As the weekend began, Mr. Kovacevich was willing to consider a purchase of Wachovia without any government assistance but backed away from that idea around 7 p.m. on Sunday, Sept. 28, saying the timetable was too tight. FDIC Chair Sheila Bair, feeling that Wachovia's problems posed "systemic risk" to the banking system, told Wachovia she would try to push through a FDIC-assisted transaction over the next several hours.
At 12:30 a.m., on Monday the 29th, Wachovia's final effort at keeping its stand-alone status was a proposal that the FDIC provide loss-sharing protection on certain loans, take an equity stake and allow the bank to raise $10 billion in new capital. Wachovia argued its proposal involved less risk to the FDIC than a transaction with Citigroup.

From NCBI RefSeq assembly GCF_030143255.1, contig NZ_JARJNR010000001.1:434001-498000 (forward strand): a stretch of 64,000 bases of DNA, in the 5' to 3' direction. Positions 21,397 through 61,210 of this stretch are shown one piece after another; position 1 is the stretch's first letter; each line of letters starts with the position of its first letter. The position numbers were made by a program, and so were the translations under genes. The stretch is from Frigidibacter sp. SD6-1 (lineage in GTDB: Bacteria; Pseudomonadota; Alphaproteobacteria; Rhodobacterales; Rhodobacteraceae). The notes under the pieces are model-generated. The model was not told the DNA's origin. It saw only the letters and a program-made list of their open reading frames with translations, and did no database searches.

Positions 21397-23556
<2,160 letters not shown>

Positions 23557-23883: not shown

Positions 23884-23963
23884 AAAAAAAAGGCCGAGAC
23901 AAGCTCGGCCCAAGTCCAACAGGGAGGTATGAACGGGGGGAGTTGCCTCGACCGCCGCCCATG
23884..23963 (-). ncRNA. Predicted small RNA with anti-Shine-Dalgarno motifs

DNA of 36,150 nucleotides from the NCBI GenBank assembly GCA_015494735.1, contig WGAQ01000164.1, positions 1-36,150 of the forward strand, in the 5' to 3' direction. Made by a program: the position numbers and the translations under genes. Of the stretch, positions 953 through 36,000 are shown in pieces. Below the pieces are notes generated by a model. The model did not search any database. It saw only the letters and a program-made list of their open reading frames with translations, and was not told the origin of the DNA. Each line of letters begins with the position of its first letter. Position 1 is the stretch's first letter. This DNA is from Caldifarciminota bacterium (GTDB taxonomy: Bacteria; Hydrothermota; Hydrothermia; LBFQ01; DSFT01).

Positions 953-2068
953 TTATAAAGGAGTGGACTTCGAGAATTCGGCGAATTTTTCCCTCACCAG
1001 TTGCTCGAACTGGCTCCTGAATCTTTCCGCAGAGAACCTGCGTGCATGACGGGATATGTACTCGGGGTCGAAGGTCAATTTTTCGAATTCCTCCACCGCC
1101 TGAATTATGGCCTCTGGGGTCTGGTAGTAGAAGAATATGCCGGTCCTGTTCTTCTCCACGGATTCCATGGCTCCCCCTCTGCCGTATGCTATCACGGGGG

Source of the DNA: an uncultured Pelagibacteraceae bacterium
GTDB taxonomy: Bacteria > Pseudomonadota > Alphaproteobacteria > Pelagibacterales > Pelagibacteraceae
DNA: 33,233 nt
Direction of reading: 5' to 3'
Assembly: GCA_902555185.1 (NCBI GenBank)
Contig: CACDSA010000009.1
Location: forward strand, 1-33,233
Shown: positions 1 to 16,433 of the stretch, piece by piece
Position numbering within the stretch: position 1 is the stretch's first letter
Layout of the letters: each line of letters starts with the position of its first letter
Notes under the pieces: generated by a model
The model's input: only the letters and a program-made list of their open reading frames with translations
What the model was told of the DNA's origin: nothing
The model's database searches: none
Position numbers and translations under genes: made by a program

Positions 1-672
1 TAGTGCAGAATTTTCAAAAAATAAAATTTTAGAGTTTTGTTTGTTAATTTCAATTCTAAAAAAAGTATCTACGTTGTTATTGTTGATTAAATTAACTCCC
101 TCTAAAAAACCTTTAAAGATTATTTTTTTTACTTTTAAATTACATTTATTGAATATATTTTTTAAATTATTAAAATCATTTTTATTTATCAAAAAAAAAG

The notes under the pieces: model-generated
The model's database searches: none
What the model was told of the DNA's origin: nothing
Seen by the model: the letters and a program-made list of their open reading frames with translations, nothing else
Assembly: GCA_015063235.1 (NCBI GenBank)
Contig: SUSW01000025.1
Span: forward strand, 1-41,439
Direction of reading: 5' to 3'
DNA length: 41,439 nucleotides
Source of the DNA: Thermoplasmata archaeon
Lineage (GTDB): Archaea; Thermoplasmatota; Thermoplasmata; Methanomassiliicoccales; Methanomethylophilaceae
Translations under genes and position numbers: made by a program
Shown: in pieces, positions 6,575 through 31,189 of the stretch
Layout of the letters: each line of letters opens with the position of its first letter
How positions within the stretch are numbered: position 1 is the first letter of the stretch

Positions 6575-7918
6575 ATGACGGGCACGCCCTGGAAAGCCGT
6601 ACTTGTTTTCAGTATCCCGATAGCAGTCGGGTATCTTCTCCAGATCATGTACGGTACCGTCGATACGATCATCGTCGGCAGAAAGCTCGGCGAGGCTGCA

Wells Fargo also came back to the table that morning, discussing a loss-sharing agreement with the FDIC that would limit Wells Fargo's exposure.
The FDIC at 4 a.m. rejected both options in favor of a government-assisted sale of Wachovia's banking subsidiaries to Citigroup, with the FDIC providing the New York bank with protection on a certain Wachovia loan portfolio. If Wachovia's board hadn't accepted the agreement during a 6:30 a.m. meeting that day, the FDIC would have placed Wachovia's banking subsidiaries in receivership and Wachovia Corp. would likely have filed for bankruptcy, according to the filing.